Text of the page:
The first thought that goes through my mind when I watch this episode is why the bus station seems to be so empty. Perhaps, we are only seeing what is important since we are technically seeing Olivia's dream, and perhaps, in her dream, she only sees what is important. After Olivia has her "nightmare," Ella says that she is going to the doctor's office that day in order to receive a vaccination, which she mispronounces. I don't think that she is getting a vaccination in the traditional sense; I think that she is being given Cortexiphan, and the fact that, at the end of the episode, Ella says that the "stuff that they put in me isn't dead anymore," that "it came back alive" and the fact that Olivia replies by telling her that it's just "bad dreams" seriously helps support this theory. Anyway, I love how Walter is about to suggest astral projection as a possibility, and Astrid interrupts him, because she thinks that he is mispronouncing her name. I probably would have done the same, since he obviously has a tendency to mispronounce her name. It's also pretty funny when Walter bluntly asks Olivia, "Well, then, why did you kill her?" as if he knows as a fact that she did and that she did so willingly. Sometimes, I do have to wonder if he's just busting hump.
I immediately had a feeling that the restaurant scene was one of Olivia's "nightmares." It would be completely out of character for her to go eat at a restaurant all alone, especially with Rachel and Ella at home. Even if she is having a difficult time and therefore doesn't want to be around Rachel and Ella, I don't see her as the type to go eat at a restaurant all alone. In this episode, Peter suggests that Olivia is on Caffeine pills, something that she neither confirms nor denies, which leads me to believe that she does indeed take them, which would make sense. Something that we see repeatedly throughout this series is an apparent insomniac condition from which Olivia suffers, and despite her serious lack of sleep, she seems to function just fine, which could very well be because she takes Caffeine pills, which I suppose would help to a certain extent. There is a great deal of character development out of Olivia throughout this episode, as we see her in a serious state of emotional turmoil that we don't really see too much prior to this episode. I love the scene during which Olivia says to Peter, "Peter, what's happening to me?" and they hug. I also love the scene during which she totally and completely loses her cool with the man at the restaurant and grabs him, demanding to know if it was her that was sitting at the table at which she remembers sitting in her "nightmare."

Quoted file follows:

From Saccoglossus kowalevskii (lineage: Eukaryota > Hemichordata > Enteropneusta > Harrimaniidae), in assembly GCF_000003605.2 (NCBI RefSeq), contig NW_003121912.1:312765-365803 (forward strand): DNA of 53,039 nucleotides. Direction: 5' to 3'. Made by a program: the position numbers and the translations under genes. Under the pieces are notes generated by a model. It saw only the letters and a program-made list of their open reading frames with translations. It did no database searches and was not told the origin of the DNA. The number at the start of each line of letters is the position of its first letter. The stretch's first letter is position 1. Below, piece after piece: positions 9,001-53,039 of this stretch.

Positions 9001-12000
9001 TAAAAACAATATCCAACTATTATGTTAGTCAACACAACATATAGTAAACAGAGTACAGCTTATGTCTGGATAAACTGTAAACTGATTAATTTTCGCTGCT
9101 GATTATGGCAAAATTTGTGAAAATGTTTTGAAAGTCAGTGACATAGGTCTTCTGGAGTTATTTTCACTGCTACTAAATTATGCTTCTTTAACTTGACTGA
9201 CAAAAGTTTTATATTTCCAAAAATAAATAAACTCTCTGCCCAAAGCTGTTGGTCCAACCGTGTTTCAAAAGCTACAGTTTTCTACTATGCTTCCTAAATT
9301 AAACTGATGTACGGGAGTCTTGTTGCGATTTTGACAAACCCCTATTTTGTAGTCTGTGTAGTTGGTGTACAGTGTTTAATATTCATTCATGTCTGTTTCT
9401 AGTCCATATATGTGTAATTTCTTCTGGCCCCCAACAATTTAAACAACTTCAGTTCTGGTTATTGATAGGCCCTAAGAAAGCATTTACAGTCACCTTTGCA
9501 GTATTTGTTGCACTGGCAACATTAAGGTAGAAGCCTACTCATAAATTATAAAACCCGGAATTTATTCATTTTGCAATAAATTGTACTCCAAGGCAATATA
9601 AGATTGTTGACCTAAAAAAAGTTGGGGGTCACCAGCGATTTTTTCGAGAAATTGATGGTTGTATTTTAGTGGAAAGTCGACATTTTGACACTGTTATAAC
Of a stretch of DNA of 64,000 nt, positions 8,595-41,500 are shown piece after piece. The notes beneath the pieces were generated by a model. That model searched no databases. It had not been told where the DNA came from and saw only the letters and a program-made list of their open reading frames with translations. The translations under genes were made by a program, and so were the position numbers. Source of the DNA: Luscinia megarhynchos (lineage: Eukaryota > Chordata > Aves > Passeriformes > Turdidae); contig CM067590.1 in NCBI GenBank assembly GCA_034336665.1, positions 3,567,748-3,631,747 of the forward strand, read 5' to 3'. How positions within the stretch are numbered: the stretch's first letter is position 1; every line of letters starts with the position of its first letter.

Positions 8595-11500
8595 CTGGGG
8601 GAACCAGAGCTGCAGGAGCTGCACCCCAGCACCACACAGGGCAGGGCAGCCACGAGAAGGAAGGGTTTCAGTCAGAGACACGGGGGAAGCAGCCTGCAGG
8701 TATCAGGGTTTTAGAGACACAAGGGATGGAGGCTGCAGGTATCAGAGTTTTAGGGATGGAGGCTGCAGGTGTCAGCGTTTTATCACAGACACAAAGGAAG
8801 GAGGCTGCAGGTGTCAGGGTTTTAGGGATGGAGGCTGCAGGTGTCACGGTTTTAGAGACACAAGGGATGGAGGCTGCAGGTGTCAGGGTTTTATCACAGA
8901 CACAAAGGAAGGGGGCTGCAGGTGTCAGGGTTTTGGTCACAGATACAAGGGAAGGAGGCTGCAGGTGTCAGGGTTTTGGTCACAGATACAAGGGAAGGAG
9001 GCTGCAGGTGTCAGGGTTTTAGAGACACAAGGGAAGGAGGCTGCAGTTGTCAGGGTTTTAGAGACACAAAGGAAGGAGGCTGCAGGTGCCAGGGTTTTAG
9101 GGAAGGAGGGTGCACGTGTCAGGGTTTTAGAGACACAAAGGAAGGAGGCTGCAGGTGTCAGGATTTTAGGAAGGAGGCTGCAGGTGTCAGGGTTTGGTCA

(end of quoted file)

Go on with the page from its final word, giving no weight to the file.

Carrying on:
It does annoy me, however, how the team comes across Nick Lane's identity. It just seems too convenient to me that the man at the restaurant would remember what some guy looked like sitting at any particular table at a particular point in time. I mean, surely, he sees hundreds of customers daily. Granted, Olivia was in his face demanding information, which has to be pretty scary, but it still seems like a pure example of Deus ex Machina to me, of which I am not always a very big fan. At any rate, as was previously stated, Olivia is breaking down in this episode, showing a very vulnerable side that we don't see before this episode, not since John Scott's death. Even so, though, I am very surprised that Broyles tells Olivia that she can take a break, because it's more important than ever that she be involved so that the team can figure out why she's having these "nightmares." I also really like how, in this episode, Peter is beginning to realize that what happened to Walter's mind is not necessarily his fault. However, it's odd how Walter insists that he didn't approve of the Cortexiphan trials, saying, "No, not me. William. We had quite a disagreement about it." However, at the end of "The Road Not Taken" (1.19) and in "Jacksonville" (2.14), Walter insists that they were trying to help Olivia, which strongly suggests that at the time, he was most likely completely on board. Either he didn't remember or he was trying to protect himself.